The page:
After Fire and Fury, Republicans stand by Trump – and reject Bannon

After Fire and Fury, Republicans stand by Trump – and reject Bannon

70% of Republicans think President Trump is more honest and trustworthy than Steve Bannon 

Despite the publication of an extremely negative book, and the re-emergence of a campaign critic, Republicans are sticking with Donald Trump. In the latest Economist/YouGov Poll, they are judging many other Republicans by how they are working with (or against) the President. While the President’s overall approval rating remains at 38% overall, 83% of Republicans approve of how he is doing his job, just about the same percentage of Republicans who said that at the start of the Trump Presidency.

The President clearly has “won” among Republicans – beating back the criticisms of his former chief strategist Steve Bannon. Bannon, who was fired last August, was quoted in Michael Wolff’s book Fire and Fury as attacking the President’s ability to serve, as well as several members of the President’s family. Even after Bannon was fired, Republicans were divided when they judged Bannon. Now, they have definitely turned negative. 

The public as a whole never liked Bannon. Throughout 2017, about twice as many held an unfavorable view of Bannon as had a positive one. 

By more than five to one, Republicans now approve of Bannon’s firing. As for his remarks to Michael Wolff, Republicans clearly don’t find Bannon credible. Just 8% of Republicans think Bannon is honest and trustworthy (as do 8% of Democrats). And Republicans overwhelmingly say it is Trump who is the more honest and trustworthy person.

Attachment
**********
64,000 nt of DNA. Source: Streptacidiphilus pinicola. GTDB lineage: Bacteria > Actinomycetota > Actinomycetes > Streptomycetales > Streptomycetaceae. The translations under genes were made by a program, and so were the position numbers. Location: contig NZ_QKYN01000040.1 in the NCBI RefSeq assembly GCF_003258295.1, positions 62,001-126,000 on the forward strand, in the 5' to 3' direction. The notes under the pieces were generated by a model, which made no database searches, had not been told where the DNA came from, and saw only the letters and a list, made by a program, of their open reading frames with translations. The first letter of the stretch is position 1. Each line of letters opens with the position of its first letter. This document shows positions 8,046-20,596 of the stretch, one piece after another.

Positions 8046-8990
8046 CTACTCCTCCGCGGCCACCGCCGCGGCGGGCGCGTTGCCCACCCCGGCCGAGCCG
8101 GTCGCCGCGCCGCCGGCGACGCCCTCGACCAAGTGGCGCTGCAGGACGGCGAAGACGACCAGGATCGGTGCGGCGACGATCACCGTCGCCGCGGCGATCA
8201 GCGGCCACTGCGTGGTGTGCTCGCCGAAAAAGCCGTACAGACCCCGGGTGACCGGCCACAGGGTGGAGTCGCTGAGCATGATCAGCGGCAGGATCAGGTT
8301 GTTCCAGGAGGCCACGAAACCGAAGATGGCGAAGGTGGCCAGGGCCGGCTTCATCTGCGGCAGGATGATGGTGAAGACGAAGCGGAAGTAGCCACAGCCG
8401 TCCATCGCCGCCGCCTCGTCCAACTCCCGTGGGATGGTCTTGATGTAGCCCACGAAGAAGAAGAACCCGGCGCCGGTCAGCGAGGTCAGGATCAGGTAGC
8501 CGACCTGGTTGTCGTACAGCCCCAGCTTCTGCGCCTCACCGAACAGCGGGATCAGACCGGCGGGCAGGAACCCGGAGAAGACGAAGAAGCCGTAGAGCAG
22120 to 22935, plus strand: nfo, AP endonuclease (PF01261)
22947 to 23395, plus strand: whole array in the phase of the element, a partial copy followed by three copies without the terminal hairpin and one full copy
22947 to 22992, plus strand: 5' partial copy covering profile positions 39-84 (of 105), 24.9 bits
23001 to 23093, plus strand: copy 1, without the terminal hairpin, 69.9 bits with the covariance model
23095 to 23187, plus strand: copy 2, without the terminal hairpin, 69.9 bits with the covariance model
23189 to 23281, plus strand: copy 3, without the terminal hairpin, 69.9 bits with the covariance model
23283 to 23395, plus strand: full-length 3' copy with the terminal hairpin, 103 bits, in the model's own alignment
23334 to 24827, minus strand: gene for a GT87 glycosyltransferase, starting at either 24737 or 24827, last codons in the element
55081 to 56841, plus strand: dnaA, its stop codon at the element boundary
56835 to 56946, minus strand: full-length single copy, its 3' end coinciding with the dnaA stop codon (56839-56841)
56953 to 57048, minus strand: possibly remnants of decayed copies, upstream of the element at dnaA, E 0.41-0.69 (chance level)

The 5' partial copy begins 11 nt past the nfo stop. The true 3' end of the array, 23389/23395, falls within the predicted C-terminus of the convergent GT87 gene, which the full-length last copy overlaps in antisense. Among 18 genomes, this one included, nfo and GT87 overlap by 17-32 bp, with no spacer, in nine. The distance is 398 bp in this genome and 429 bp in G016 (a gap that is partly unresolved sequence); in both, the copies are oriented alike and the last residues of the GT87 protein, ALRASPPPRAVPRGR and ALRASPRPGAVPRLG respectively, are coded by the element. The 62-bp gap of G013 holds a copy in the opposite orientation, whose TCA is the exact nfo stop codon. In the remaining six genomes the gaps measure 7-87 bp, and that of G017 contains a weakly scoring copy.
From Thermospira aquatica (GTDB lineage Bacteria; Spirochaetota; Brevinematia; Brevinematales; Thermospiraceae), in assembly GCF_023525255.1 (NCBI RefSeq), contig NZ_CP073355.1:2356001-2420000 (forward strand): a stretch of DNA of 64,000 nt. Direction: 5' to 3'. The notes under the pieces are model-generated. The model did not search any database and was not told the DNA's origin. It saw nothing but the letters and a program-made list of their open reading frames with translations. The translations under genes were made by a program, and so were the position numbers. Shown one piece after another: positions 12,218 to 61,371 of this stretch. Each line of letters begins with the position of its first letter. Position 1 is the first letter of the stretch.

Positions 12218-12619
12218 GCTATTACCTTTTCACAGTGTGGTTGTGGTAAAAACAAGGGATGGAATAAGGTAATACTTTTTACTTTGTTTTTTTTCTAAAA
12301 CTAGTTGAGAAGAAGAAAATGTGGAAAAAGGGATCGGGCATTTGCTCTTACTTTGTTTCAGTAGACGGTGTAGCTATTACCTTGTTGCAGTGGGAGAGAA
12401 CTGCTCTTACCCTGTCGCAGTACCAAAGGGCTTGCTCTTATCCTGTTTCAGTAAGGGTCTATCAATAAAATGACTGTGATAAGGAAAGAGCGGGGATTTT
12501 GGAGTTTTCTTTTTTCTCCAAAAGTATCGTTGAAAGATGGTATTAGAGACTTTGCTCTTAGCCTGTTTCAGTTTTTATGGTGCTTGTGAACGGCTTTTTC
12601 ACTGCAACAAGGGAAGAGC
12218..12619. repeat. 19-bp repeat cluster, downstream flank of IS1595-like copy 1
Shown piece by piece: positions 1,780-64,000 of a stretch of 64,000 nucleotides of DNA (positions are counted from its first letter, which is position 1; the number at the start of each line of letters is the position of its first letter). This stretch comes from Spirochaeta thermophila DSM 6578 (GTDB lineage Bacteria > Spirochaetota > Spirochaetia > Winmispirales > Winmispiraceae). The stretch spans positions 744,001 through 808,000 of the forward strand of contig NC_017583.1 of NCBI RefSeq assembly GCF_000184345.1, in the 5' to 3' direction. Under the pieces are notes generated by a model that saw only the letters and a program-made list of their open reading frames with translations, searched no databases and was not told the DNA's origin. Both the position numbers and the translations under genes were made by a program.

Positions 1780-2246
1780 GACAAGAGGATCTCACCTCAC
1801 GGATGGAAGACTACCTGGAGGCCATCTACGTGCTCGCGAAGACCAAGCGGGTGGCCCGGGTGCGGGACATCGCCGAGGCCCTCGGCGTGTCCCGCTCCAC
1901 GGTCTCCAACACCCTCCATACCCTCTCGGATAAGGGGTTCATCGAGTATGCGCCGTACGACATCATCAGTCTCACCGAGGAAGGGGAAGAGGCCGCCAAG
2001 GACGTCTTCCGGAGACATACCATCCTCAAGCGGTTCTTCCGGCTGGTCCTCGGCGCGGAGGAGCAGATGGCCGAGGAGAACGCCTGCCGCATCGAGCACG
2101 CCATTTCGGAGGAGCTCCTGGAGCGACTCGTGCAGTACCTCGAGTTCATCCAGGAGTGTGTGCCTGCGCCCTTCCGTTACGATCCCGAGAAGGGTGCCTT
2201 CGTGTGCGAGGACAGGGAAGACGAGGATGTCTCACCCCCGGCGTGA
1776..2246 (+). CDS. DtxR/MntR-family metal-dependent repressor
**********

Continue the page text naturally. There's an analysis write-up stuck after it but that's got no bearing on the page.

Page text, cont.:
Most Democrats and independents don’t choose either the President or his former strategist when asked this question, perhaps not all that surprising. Only 5% of Democrats and 27% of independents regard President Trump as honest, compared to two-thirds of Republicans who say this. 

There is at least one Republican Trump critic who remains popular with the party rank and file, though perhaps not as popular as he was with them when he challenged President Barack Obama in 2012. A majority of Republicans have a favorable view of former Massachusetts Governor Mitt Romney, who is now considering a run for a U.S Senate seat in Utah when Senator Orrin Hatch retires. 

However, a third of Republicans have an unfavorable view of Romney. Even more than 40% of Republicans who supported Donald Trump during the GOP primaries dislike Romney. Last March, in the heat of the campaign, Romney called then-candidate Trump a “phony” and a “fraud.” 

Republicans aren’t all that sure that Romney should run for Hatch’s seat. In part, it appears it is because they are not sure he would support the President. In the poll, 34% of Republicans say a Senator Romney would support the President, and 38% say he would oppose Trump. Those who expect Romney would support President Trump want him to run – and have a favorable view of Romney. Those who think Romney would oppose the President don’t think he should run – and don’t like him.

Two in three Republicans have consistently said in Economist/YouGov Polls they want the President to run for re-election in 2020. This week 66% of Republicans say that. And most Republicans also don’t want to see him challenged in the GOP primaries either. One in four would like some other Republicans to challenge the President, and that group of Republicans is much more likely to worry that a 2020 nominee Trump would lose the general election. 

Overall, nearly as many Republicans think the President is likely to lose in 2020 as he is to win. A majority of the public overall believe he will lose.